HA VU reviews ‘Mustang’, an Oscar-nominated film about the experiences of five orphaned teenage sisters growing up in a conservative Turkish village.
Vacillating between the extremes of intense happiness and utmost fear, Mustang tells a poignant story of sisterhood, imprisonment and hope. It sees the incredible bonds between orphaned sisters Sonay, Selma, Ece, Nur and Lale constantly challenged by the imposition of unwanted gender roles. With an oppressive uncle and conservative grandmother added to the equation, the sisters’ fresh innocence turns to bitterness and loathing.
Through the eyes of these strong-willed, vivacious young women, director Deniz Gamze Ergüven transports the film’s audience to the darker realities of Turkey. The plight of women in a deeply patriarchal society manifests itself through perfect rounds of flatbread and uniform rolls of dolma. Despite the bars and fences put up to restrict their freedom, rumblings of rebellion grow louder and louder, until the sisters’ spirits eventually break free. Mustang focuses as much on misery and despair as it does on bright optimism for a better future. Injected with moments of aching humour, the film is full of life even as it depicts lives in lockdown.
It is the summer time. School is out and students say teary goodbyes to their leaving teachers. We see five sisters run to the waves with school friends, soaking in the salt and the sand. Under the generous warmth of the sun, they play games; they fight, then play again. Nothing could seem to go wrong in this picturesque portrayal of childhood innocence, yet it does: “one moment we were fine, then everything turned to shit”, uttered a voice too young to sound so spiteful.
Waiting at home is a grandmother neither gentle nor loving. Screaming and chastising, she begins to interrogate and physically punish the girls, oldest to youngest. While they hopelessly bang on the door in an attempt to save each other, their grandmother shouts in anger at them for playing with boys: “Do you know what people are saying about you? Swimming naked for all to see, I did not raise a bunch of whores”. And so the conservatism of older generations in Turkey becomes apparent; all five sisters, no older than sixteen, are dragged to the hospital in a bid to check their virginity. “If there is the slightest doubt, you would never be able to get married” whispers their grandmother, anxiously glancing at the judgemental nurse.
As Uncle Erol begins putting up bars on their windows, their house transforms into a ‘wife factory’. Not only taught domestic lessons every minute of the day, they have to wear ‘ugly, shapeless dresses’. Underneath this façade, however, their submission to conventional roles is short-lived. Climbing down drainpipes to meet secret boyfriends and sneaking off to football games, rebellion becomes a game to Sonay and her sisters. Laughter eventually returns to a gloomy household, defiant in the face of their grandmother’s suppression.
Then news comes as a punch in the stomach: each sister is lined up to marry an unknown man at least ten years her senior. Sonay and Selma are first, but even Nur and Lale, barely thirteen, are warned of their fate. Loud, abrupt honking of the groom’s cars on their wedding day demonstrates the incredible crudeness of the affairs. “Women must be chaste and pure, know their limits and must not laugh in public” chimes a government announcement on television. The disgusting hypocrisy of the men who claim to have an unsaying moral compass becomes apparent when it is revealed that Uncle Erol has been raping the sisters. Angry and utterly fed up, Lale urges Nur to escape their prison, being the last two in the house: “We’ll go to Istanbul, like everyone else”.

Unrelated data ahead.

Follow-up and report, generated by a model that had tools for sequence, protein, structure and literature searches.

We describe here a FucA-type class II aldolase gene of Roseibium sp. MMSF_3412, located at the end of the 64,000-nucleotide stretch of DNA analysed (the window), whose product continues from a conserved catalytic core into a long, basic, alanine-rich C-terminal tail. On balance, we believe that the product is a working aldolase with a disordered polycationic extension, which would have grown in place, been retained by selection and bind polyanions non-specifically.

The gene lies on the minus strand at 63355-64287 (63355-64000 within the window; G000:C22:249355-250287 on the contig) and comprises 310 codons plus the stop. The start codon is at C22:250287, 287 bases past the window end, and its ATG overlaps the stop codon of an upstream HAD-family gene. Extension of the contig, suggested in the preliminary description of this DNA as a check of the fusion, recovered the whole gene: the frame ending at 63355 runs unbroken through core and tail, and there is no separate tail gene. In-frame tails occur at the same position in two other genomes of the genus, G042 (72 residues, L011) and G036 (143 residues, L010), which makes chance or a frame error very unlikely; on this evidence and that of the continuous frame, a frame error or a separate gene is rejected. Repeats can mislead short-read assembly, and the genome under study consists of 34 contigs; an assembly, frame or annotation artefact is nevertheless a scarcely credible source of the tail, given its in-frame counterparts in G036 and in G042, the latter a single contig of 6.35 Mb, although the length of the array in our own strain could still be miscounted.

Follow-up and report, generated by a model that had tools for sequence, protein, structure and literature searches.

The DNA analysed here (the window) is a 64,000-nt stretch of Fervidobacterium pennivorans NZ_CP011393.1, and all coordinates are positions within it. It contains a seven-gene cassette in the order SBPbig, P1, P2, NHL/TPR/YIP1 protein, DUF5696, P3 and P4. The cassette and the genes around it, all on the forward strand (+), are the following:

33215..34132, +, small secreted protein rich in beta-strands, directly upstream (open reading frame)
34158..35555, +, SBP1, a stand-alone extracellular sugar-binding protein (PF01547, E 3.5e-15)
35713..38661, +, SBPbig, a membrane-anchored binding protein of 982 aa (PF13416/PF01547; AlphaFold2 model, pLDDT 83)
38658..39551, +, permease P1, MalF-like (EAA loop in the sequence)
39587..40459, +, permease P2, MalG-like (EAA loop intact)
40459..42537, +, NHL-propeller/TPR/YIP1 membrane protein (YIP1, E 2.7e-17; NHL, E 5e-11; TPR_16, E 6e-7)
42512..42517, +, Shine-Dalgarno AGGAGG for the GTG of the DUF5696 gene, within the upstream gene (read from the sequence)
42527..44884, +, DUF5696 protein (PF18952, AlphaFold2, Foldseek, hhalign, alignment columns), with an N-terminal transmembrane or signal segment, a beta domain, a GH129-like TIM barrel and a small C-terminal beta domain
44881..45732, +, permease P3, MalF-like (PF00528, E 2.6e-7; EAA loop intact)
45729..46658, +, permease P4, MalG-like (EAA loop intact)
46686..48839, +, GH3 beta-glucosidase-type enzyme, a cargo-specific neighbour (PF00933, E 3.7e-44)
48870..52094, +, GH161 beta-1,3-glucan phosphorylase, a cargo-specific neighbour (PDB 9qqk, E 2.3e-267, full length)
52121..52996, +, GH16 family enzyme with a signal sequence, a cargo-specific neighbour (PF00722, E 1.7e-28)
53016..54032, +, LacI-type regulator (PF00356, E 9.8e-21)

Yet even as they arrive in Istanbul after a tense escape from a fuming Erol, the audience are left with a heavy heart. The gradual transition from bright, sunny images to darkness and shadows aptly reflects their being forced to leave behind beautiful childhoods and mature far beyond their age. According to Turkish writer and political activist Elif Shafak, imprisonment of young girls and their subsequent arranged marriage is a widespread phenomenon in Turkey. Private, confined spaces belong to women, whereas the entire city and its streets belong to men. The recent refugee crisis further distracts attention from the pressing need of women to be treated as equals. In a multi-layered country where modernised neighbourhoods and impoverished ones co-exist, Turkey is increasingly polarised and reverting to fundamentalist ideas. Women, of all people, suffer as a result.
Although the audience are granted a sigh of relief after Nur and Lale’s successful escape, Elif Shafak brings to light the unrealistic nature of the situation. When women running away from domestic abuse is seen as illegal, many will face endings markedly different than that of our protagonists. “Democracy is not just about ballot boxes”, declares Shafak, “the law has to change to protect our women and other minorities. When politics is so strong that it divides society, we must look at the people, and not the government, for real change”.
‘Mustang’ was shown at the Human Rights Watch Film Festival from 9-18th March. More information about the festival can be found here.